Government Approval Needed For Potentially Life-Saving Chamber Therapy
The Midlands Diving Chamber is ready to support clinical trials of Hyperbaric Oxygen Therapy, a potential game-changer in the treatment of COVID-19 patients. The trials could serve as a precursor for a plan to use pressurised grounded aircraft as large-scale hyperbaric oxygen chambers.
Currently, most COVID-19 patients who are ill enough to require ventilation do not survive. The cause of death is multiple organ failure due to chronic hypoxia, as their lungs are unable to absorb enough oxygen. Ventilation – which involves tubes being pushed into the main passageways (bronchi) of a patient's lungs – also exposes the patients to additional risks from long-term sedation, infection and damage to the lungs.
Hyperbaric Oxygen Therapy (HBOT) – breathing oxygen under pressure in a hyperbaric chamber – could not only help patients who are seriously ill with COVID-19 absorb sufficient oxygen, but also reduce the inflammation of the lungs, allowing them to breathe more effectively. This could let them recover without needing ventilation, and so radically improve their chances of survival.
A case study in China showed that five COVID-19 patients responded well to HBOT treatment, and similarly positive results have been observed in 15 cases in New York and France, according to Dr Daniel Reynolds, founder of Cambridge-based life-support systems and closed circuit rebreather (CCR) manufacturer Lungfish Dive System, who is working with healthcare organisations and aerospace companies to explore the possibility of using commercial airliners as makeshift HBOT chambers.
The number of observed cases is, however, too low for the treatment to be approved for mass rollout. Clinical trials are required to determine if the use of HBOT for seriously ill COVID-19 sufferers is worth progressing, and to finalise details of the treatment. Until now, progress in the UK has been slow due to the sheer scale of the emergency. A Just Giving crowdfunding campaign has been started to raise the necessary funds to test up to 110 patients in Canada.
In a new development, however, the UK's Midlands Diving Chamber is offering the use of the former London Diving Chamber, which was closed last year due to NHS funding cuts. According to Simon Wilson, director of Midlands Diving Chamber, the chamber is sitting in a shipping container and a complement of staff is ready and waiting to help with clinical trials.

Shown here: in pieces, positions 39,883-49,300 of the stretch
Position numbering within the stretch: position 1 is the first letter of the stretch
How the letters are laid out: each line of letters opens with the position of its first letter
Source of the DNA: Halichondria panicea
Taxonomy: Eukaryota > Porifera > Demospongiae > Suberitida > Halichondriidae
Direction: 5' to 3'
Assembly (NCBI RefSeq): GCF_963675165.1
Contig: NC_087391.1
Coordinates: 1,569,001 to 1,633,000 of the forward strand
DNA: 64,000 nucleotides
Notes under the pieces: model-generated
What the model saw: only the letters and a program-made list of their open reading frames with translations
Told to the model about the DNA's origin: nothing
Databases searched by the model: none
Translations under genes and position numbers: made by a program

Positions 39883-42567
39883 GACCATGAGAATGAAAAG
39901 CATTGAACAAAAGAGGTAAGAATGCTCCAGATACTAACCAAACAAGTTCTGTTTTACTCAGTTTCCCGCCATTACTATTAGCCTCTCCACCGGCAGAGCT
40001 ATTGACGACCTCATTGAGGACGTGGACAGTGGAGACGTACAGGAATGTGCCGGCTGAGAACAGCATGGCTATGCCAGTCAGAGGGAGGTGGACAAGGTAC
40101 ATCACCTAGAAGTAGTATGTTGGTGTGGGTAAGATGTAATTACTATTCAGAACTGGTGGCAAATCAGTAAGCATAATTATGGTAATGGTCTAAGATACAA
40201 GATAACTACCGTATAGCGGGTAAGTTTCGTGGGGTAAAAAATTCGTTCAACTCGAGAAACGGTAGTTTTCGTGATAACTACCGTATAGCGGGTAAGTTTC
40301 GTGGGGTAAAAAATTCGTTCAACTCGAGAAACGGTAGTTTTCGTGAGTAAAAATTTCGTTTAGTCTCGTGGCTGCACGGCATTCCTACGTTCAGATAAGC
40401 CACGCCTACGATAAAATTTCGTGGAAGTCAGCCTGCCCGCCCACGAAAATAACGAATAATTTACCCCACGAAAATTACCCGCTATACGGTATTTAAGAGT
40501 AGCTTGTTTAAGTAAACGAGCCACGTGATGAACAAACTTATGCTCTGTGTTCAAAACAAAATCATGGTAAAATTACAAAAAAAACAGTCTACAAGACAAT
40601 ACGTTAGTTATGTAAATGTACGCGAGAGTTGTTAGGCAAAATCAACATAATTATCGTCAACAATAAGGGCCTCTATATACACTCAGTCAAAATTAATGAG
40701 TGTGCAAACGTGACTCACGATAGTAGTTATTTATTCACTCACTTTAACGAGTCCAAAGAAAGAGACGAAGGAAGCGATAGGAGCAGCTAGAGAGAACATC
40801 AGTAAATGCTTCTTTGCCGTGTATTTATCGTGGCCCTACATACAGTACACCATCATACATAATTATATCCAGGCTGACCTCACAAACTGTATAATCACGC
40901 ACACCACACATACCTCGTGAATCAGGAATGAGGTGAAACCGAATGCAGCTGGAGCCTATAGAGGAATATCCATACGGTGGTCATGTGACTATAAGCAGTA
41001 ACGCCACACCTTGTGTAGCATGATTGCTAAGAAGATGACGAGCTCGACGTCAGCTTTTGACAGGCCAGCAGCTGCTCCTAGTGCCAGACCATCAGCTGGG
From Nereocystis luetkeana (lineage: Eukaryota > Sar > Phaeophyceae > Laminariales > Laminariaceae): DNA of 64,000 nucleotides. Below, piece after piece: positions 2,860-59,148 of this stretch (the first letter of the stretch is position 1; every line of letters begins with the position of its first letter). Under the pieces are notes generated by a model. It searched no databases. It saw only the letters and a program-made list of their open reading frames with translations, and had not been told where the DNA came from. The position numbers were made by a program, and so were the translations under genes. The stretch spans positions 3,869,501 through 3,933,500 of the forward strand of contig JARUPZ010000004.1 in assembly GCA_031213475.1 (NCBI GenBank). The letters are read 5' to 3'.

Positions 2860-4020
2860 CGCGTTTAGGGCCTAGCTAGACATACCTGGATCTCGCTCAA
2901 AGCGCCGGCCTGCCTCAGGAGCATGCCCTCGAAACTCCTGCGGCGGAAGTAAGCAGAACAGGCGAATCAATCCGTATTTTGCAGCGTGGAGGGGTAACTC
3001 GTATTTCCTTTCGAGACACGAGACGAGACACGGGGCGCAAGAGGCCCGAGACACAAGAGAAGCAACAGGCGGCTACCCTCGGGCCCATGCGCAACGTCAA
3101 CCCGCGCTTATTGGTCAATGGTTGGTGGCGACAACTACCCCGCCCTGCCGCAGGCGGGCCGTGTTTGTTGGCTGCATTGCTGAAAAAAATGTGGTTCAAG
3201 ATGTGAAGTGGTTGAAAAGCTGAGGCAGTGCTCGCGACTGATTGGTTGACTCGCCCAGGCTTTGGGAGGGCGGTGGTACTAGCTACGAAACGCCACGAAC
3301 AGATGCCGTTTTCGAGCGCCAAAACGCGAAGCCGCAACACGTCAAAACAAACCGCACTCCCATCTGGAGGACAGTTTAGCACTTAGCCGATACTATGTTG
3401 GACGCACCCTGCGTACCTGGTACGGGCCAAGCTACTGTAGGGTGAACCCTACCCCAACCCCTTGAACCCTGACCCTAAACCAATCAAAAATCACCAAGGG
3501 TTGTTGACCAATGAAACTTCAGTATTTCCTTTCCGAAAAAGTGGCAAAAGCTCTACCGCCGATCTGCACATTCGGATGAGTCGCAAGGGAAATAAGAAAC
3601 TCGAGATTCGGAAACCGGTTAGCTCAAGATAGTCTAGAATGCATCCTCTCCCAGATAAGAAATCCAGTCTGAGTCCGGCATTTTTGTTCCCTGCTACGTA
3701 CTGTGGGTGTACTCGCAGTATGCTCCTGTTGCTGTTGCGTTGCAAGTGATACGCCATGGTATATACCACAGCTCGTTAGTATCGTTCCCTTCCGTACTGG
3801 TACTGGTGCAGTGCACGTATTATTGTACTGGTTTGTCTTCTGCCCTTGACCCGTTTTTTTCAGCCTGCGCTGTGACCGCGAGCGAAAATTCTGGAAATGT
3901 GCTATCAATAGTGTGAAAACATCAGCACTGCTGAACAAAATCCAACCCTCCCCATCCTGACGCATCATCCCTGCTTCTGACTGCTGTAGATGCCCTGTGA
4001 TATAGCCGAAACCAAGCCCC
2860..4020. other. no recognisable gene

'We're ready to go,' said Mr Wilson. 'We could park it outside a hospital, better still inside one of the Nightingale hospitals, and begin trials immediately. We just need approval from the NHS to put it into action.'
In light of this, DIVE is calling on the public to help spread the word and try to raise government support for the trials. A petition is available for signature on the UK Government's website, or you could email your MP, to help spread the word about what could be a life-saving treatment for thousands of people. Successful trials of HBOT COVID-19 treatment by Midlands Diving Chamber would also assist with a global initiative to repurpose grounded aircraft as HBOT chambers for the large-scale treatment of COVID-19 patients.
'It's a race against time,' said Dr Reynolds. 'It’s important to be ready to act immediately should the trials be successful. At the current casualty rates, if the treatment proves effective, one day's difference in response speed could mean a difference of thousands of lives saved.'
Two petitions have been started to generate public support for the clinical trials. The Change.org petition is live and available, the UK government petition is awaiting approval but will be ready in a few days. Dr Reynolds and the team behind the project would be grateful for all signatures and donations towards turning the concept into a reality.
Note: The UK Government petition below is new and may still be waiting
for approval, in which case please try again in a few days' time.